Electronic Shoes for the Cobbler's Children: Treatment of Digital Journals in Library and Information Science Databases
Jacso, Peter, Online
Treatment of Digital Journals in Library and Information Science Databases
Electronic journals have become an increasingly important topic since the early 1990s. A simple free-text search for eLectronic journaLs (without synonyms like ejournals or electronic periodicals) gives a snapshot of the ten databases on Dialog that have the best coverage of the topic. Limited to articles published in 2000, Gale's Trade & Industry database added 352 records, LISA 291, Gale Magazine Database 194, UMI Periodicals Abstract and Full-Text 171, Information Science Abstracts 128, ABI/INFORM 88, and Library Literature 84. Even limiting the search to the title field, guaranteeing that the focus of the article is electronic journals, and evening out the advantage that fulltext databases have over abstract-only databases, brings up an impressive number of records.
There's a big difference between covering the topic and including the journals themselves in the databases. When it comes to containing the electronic journals, there are only a handful of databases with substantial coverage. H.W. Wilson and INSPEC were the first to recognize the importance of the most important library and information science (LIS) digital journals. ERIC was next, although with only three titles. ERIC, however, deserves credit for the most comprehensive coverage of the pioneering ejournal, PACS-R, the Public Access Computer Systems Review. LISA came a little late in 1999, although with a good selection of 16 ejournals. PAIS picked four outstanding LIS ejournals at about the same time. Information Science Abstracts (ISA) waited the longest. It was late January 2001 when it started to offer records for eight ejournals in its Dialog version. Those records first appeared in the third week of March on SilverPlatter. However, the SilverPlatter version was worth the wait for it offered a far better implementation from the perspective of ejournals than Dialog. On the various systems, the postings may be different depending on the latest update of the database. I used the postings information from Dialog.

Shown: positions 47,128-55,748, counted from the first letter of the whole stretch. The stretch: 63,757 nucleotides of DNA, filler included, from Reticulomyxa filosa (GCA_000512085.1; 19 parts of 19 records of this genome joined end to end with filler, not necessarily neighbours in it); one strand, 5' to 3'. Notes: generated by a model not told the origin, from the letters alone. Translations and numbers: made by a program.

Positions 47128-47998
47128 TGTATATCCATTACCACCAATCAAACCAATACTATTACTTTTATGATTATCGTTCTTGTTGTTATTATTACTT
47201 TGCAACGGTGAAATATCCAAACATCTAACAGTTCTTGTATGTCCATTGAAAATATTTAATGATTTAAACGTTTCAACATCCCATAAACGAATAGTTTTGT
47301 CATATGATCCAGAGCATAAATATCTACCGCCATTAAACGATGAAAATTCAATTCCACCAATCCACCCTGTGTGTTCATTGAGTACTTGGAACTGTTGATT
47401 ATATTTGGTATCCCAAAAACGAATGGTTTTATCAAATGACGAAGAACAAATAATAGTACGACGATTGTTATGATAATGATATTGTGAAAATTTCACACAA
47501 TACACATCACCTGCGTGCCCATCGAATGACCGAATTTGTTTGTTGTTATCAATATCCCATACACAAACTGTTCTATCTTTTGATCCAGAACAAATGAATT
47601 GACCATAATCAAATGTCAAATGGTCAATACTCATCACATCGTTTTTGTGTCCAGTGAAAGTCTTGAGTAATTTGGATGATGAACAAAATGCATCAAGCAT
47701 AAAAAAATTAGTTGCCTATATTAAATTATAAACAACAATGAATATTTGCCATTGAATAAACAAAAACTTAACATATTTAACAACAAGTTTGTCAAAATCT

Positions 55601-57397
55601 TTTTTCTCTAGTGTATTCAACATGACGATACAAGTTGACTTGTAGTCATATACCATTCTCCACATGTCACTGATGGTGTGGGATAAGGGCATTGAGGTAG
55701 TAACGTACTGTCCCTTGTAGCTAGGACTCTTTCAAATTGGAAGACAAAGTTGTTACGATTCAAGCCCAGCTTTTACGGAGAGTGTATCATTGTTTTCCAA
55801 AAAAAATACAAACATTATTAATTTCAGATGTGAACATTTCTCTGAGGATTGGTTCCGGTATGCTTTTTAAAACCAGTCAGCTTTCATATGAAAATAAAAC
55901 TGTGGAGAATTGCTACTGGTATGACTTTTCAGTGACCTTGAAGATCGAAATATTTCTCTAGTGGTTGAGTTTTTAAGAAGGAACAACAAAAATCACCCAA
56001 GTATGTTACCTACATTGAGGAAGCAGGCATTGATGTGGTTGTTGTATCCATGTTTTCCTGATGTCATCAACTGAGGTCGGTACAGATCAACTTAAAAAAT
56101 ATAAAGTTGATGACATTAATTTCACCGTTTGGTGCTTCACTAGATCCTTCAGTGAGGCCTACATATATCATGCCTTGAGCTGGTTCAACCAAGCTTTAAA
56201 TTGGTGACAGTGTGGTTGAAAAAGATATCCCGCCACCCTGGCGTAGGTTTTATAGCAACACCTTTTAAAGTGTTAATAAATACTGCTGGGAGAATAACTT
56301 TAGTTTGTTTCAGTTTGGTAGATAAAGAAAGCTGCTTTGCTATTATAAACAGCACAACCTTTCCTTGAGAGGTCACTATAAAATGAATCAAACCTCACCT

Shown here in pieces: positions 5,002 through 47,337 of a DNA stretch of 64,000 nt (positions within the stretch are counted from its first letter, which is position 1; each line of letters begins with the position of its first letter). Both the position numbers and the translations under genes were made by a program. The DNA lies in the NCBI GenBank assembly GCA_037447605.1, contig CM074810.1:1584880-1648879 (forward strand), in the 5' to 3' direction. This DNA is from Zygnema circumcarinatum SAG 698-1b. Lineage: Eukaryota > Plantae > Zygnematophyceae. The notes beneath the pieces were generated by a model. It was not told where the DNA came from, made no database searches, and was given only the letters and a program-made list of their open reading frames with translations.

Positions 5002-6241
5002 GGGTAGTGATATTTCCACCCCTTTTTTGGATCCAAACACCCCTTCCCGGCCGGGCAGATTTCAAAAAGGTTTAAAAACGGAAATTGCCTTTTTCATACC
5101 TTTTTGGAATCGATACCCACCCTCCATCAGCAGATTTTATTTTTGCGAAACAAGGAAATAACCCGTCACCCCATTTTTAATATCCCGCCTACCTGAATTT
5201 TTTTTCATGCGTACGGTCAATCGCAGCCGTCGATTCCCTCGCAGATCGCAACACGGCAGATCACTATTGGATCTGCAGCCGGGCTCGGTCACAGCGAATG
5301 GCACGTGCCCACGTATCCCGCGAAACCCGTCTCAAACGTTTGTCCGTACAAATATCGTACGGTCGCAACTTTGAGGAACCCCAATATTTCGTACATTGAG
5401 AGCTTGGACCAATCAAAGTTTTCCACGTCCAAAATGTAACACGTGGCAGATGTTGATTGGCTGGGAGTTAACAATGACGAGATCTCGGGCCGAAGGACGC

THE TOP ELECTRONIC LIS JOURNALS
I am certainly not alone believing that many of the electronic journals in library and information science have far more relevant and timely articles for today's librarians and information specialists than many of the traditional scholarly LIS journals. They are also accessible to far more readers.
Electronic journals is not the best term (I prefer digital journals), and can be ambiguous. Some directories list among their electronic journals, even those with only a few full-text articles; others include those that have the entire current issue and several years of archive online of the print edition for subscribers. The electronic version is but a surrogate for the printed one. Here, I use the term for those serials whose complete run is available only electronically, universally available, without a paid subscription. This excludes some worthy titles that have substantial number of volumes in digital form free of charge for anyone (at least temporarily), such the IATUL Proceedings (http://educate2. lib.chalmers.se/IATUL/proceed.html), or the excellent Australian title, LASIE in PDF format (http://www.sh-isw.gov. au/lasie/welcome.htm).
Even with this limitation, there would have been about 25 qualifying LIS electronic journals. I chose ten of these that have the widest coverage in six databases with LIS coverage.
Surprisingly, some of the databases that have good coverage of library and information science don't cover LIS digital journals at all. Although some of these databases include only a dozen or so LIS journals, like the Gale Trade & Industry database, or Bell & Howell's Information and Learning's Periodical Abstracts and Full-Text database, one or two LIS electronic journals would certainly merit inclusion. This is even more true with the PASCAL database that has many LIS journals (although the breadth of coverage is not easy to determine because the unprecedented level of inconsistency in journal names makes it as difficult as herding cats), and the Social Science Citation database that covers more than 60 purely LIS journals, some of which are cited less often than many of the electronic LIS journals). …